During the murder trial of Joyce Lynch in mid-1989, Gannett published an article that included the names and physical descriptions of the impanelled jurors. The 12 Who Will Deliver Lynch Verdict, The News Journal, June 3, 1989, at A9, col. 1. I have no quarrel with the majority's view that Gannett's profile of the Lynch jurors constitutes journalism of questionable quality. The article tends to trivialize jury service, focusing primarily on the age, physical characteristics, and family size of the jurors. I also harbor no illusions about the motives of the communication media in reporting events in the criminal trial process. The media are engaged in a competitive commercial enterprise where success is measured in terms of circulation and ratings. But judges are not journalism critics entitled to bring to the constitutional debate over freedom of the press our distaste, whether justified or not, for certain journalistic practices. One could well imagine a juror profile article that sought to remind the public of the importance of jury service or helped the public to understand the trial strategies that led to the acceptance or rejection of certain jurors. On a more controversial level, one could even imagine an article that questioned whether a given jury was truly representative or that challenged the qualifications of certain jurors, thereby invoking public debate on the system of jury selection. Had Gannett published any of these articles, I doubt that the trial judge would have taken it upon himself to limit public access to the Pennell trial. Unfortunately, because Gannett printed a distasteful article offensive to individual jurors in a prior case, our courts have approved a method to prevent Gannett or anyone else from printing any article on the subject of personalized juror selection in the Pennell case. Thus, I fear that the majority's substantial reliance on the Lynch article constitutes a subtle yet troubling intrusion into the editorial policies of the press.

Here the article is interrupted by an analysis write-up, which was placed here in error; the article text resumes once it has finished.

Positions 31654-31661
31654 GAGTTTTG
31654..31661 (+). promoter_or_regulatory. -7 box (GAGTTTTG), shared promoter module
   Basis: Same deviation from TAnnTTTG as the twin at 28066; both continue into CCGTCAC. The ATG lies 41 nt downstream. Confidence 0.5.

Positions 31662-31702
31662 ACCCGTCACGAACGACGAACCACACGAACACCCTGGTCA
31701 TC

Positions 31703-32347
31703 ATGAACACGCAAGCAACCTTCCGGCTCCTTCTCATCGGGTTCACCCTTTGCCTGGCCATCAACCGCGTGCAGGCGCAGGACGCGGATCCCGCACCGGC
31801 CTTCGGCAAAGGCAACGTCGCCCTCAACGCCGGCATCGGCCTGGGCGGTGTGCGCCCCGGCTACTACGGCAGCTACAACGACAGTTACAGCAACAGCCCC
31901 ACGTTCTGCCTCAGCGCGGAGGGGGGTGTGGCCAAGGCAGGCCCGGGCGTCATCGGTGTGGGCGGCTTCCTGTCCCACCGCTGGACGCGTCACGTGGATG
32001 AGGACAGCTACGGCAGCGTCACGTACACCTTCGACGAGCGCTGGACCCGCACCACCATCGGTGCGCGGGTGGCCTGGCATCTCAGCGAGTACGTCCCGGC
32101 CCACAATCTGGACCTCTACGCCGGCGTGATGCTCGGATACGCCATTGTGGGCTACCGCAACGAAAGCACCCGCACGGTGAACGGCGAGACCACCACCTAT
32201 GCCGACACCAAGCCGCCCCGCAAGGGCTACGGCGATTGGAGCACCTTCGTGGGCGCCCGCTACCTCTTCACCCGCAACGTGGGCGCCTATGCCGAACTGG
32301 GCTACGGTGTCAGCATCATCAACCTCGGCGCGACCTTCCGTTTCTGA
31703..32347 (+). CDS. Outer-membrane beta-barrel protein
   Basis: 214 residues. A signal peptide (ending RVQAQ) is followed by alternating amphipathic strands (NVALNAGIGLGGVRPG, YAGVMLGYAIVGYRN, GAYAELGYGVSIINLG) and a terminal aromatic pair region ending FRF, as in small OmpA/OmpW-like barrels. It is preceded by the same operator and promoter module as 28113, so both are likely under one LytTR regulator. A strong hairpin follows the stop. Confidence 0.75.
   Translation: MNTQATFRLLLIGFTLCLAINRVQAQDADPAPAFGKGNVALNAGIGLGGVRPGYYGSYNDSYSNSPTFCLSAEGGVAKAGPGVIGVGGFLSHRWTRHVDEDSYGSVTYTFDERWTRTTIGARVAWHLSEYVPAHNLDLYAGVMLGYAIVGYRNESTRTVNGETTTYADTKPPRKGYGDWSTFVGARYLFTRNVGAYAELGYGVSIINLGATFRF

Sheppard v. Maxwell, 384 U.S. 333, 86 S. Ct. 1507, 16 L. Ed. 2d 600 (1966), upon which the majority also relies, suggests that even where the press has reported upon a trial in a highly irresponsible manner, the courts should act to limit the effects of publicity on the trial rather than limiting the press' access or attempting to influence the content of what is published. Under the majority's view, however, a court may examine the editorial policies of *753 a newspaper to determine if they pose a threat to fair trials. If the court believes that a prior article posed such a threat, it may then limit the press' access to the information that allowed the newspaper to write that article, although there is no evidence to suggest that any actual harm stemmed from its publication. It may thereby prevent any newspaper from printing any article using the forbidden information, regardless of the quality or beneficial effects of articles that might be written. I cannot sanction this form of judicial scrutiny. "`Regardless of how beneficient-sounding the purposes of controlling the press might be, we ... remain intensely skeptical about those measures that would allow government to insinuate itself into the editorial rooms of this Nation's press.'" Nebraska Press Ass'n v. Stuart, 427 U.S. 539, 560-61, 96 S. Ct. 2791, 2803-04, 49 L. Ed. 2d 683 (1976) (quoting Miami Herald Publishing Co. v. Tornillo, 418 U.S. 241, 259, 94 S. Ct. 2831, 2840, 41 L. Ed. 2d 730 (1974) (White, J., concurring)).